There is a distinction, subtle as it may be, between a hike and a walk—here’s some information on that.

Germany

On my first trip to Germany many years ago a friend invited me to, “Take a little walk.”

Leaving the leather hiking boots behind, I put on a pair of light hikers.  Following the crazy German up a vertical path nothing more than a Montana mountain goat would climb killed my feet. My hike was his walk.

Italy

Jackie and I faced this word-struggle when we went to the Cinque Terre National Park. The Park’s trail rating guide and our interpretation of “light, moderate and hard” were different. When an Italian declares a path easy, ask how many times that week they’ve hiked it. If they say several, don’t trust that the trail is for ambling. Even in shape, many of their easy to medium hikes nearly killed every muscle in this American’s body! I’m convinced the Italians would call Kauai’s Napali Coast trail “light.”

We decided it was the language barrier. Trail severity simply did not translate.

Then We Got to Wales

Checking in at Customs at Heathrow, the agent asked our reason for travel. We answered that we’d be hiking parts of the Pembrokeshire Coast Path. He asked how many miles we planned on walking each day. We exchanged concerned glances, wondered if this was a pop quiz. What would happen if we gave the wrong answer?  Jackie ventured, “Six?” The crinkle lines at the corner of his eyes showed he was trying hard not to laugh, as he remarked, “To a Welshman that’s a stroll.”

The distance and terrain debate arose a few times on our Wales Adventure.

Distances Differ in Meaning, Depending on Where You Are

My ultra polite and introverted sister inquired of the taxi driver, “How much is the fare to Kilgetty?”

Pondering, he replied, “Eight pounds.”

“Sounds like a lot.”

“It’s quite far.”

Since we knew the distance from Saundersfoot to Kilgetty, we assumed he misunderstood her accent and was thinking of a different town. Jackie asked, “How far is it?”

“Three miles.” He was dead serious.

We burst out laughing. I said, “She’s from Montana,” and she added, “Three miles is a mosey.” We’d have walked to Kilgetty but were told the narrow road was not safe to walk.

About Hiking in the Pembrokeshire National Park

The Park was officially designated in 1952, while the Pembrokeshire Coast Path opened in 1970 as Wales’ first national trail. Adding to the challenge of that 186 miles, it’s part of the Wales Coast Path—870 miles of hiking that’s to be explored by those more stalwart than us.

The Coast Path is both rugged and comprised of beautiful coastline. Their trail rating system goes from a one to a six. The mile from Saundersfoot to Wiseman’s Bridge is a leisurely saunter. The additional two and a half mile walk from Wiseman’s to the beginning of the Path at Amroth is between a walk and light hike. None of it was difficult, but hiking shoes were a must. Being prepared for hills at the beginning and end was a good thing. This trek is rated a two. We agree with that.

In 2014, our hiking took us along the western coast and stretches of the path from Newport to south of Goodwick. Some sections of the Pembrokeshire path are easy, nothing to keep you from enjoying the walk. You’ll awaken the next day being able to move. I didn’t mind huffing and puffing when two young fit women came along, backpacking the entire trail, huffing and puffing. The highest rating in this section is a four. We would have said a two.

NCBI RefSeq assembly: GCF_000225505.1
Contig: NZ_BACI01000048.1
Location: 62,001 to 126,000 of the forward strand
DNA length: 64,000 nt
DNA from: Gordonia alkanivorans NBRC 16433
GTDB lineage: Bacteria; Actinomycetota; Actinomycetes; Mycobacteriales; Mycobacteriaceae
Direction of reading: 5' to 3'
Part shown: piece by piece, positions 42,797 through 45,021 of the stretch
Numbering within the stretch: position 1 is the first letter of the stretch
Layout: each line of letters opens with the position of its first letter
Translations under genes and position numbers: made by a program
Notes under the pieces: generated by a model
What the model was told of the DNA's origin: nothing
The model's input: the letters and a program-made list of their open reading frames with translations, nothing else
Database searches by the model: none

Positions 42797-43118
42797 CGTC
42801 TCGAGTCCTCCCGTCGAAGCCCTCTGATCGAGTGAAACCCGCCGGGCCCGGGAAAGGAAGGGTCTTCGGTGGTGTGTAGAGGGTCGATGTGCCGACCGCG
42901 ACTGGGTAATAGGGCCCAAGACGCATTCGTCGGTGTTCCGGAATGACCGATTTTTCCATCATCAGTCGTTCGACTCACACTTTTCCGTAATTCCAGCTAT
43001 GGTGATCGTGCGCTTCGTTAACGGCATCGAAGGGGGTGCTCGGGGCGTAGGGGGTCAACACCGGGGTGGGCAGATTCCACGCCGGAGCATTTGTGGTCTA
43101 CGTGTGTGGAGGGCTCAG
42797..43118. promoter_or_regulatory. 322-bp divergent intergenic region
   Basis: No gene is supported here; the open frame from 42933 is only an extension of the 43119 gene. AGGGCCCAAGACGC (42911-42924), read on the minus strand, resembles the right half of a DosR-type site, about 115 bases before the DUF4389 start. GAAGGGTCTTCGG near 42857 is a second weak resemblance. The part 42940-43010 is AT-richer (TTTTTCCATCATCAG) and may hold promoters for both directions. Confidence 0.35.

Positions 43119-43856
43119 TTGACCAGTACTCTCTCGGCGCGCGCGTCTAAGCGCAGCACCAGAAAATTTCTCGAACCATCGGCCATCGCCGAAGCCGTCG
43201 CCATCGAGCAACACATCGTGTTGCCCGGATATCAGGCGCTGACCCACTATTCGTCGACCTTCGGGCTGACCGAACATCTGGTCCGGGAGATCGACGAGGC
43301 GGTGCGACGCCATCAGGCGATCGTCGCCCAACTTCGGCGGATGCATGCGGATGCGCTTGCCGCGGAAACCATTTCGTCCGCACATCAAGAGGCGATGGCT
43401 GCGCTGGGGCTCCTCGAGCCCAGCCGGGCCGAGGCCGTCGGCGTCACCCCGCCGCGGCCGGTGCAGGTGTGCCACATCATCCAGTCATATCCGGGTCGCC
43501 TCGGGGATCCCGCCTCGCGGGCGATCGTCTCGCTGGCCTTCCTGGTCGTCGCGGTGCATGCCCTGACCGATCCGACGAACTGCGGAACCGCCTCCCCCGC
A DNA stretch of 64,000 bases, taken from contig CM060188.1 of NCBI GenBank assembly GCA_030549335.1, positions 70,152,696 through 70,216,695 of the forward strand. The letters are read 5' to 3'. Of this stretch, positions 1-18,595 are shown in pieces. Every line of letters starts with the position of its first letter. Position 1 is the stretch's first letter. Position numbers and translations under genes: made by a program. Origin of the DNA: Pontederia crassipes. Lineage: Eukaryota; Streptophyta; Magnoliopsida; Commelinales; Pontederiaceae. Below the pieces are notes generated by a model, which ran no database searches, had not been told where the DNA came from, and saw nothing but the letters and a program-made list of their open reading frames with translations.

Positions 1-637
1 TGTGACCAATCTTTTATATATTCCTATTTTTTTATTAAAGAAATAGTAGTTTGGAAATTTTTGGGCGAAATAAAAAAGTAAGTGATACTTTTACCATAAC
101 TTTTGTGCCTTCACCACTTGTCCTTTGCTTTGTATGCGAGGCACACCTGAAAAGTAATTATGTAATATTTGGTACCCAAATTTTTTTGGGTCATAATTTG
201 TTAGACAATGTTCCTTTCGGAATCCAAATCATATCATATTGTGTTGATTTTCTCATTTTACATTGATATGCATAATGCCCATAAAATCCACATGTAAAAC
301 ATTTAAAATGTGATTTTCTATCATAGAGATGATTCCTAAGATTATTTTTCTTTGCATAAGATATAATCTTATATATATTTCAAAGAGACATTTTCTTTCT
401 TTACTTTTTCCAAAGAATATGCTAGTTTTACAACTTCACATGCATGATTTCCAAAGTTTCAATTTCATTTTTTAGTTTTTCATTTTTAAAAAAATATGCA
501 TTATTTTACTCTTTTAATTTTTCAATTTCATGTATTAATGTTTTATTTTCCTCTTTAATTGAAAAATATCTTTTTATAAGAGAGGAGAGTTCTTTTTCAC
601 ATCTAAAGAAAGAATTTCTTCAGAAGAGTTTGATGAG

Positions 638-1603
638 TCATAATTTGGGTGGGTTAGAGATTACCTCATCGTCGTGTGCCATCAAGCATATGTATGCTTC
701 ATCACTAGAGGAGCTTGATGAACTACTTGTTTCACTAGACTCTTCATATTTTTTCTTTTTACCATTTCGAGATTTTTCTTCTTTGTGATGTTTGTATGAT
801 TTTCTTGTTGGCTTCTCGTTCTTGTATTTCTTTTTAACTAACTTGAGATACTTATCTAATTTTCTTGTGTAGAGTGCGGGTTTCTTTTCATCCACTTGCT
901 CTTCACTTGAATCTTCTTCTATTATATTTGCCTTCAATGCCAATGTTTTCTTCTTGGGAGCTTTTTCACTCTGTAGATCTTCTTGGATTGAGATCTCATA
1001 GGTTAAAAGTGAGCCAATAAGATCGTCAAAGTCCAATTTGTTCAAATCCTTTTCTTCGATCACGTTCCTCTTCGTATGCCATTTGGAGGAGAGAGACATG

Pick Your Pembrokeshire Hiking Treks

The trail between Saundersfoot and Tenby, four miles west, is a hike, but not as grueling as everyone warned. It would have been even easier if we hadn’t gotten off the path in the beginning. Darned to that faulty signage and two extra path options lying in wait to deceive us. The Welsh have a different standard of trail heartiness than the Italians. This trail is rated a six, the hardest, but we declared it a three.

When a Welshman tells you a hike is hard, ask for specifics. It’s not that the four miles were difficult, but the several ascents and descents made me glad for trekking poles and strong leg muscles. Take your weak ones on this hike and you mayn’t move quite right the next day. My theory is that the Welsh are kind and would rather over-warn you than under-warn like those dastardly Italians!

This non-scientific definition of hiking versus walking grew of clues from Pennsylvania to Montana to Italy to Hawaii to Wales. For us, a walk is leisurely, on the shorter side, you might sweat from the heat of nature, but easily talk the entire time.

A hike? One of my avid hiking friends has his own rating scale:

  • Easy to Moderate is typically ten miles or less, no great height, maybe 1,000-foot ascent.
  • Moderate to Hard is more than ten miles, with greater altitude, 3,000 – 4,000 feet.  Must be in good shape, but challenging and rewarding.

Jackie and I came to this conclusion for defining a hike: You put your oomph into it and stop to rest quite a bit. And conversation? Well, maybe while your feet are moving. Whether it’s a short mile or an arduous trek—if you’re sweating to get the job done, it’s a hike, no matter what the expert’s rating.

Opinions?

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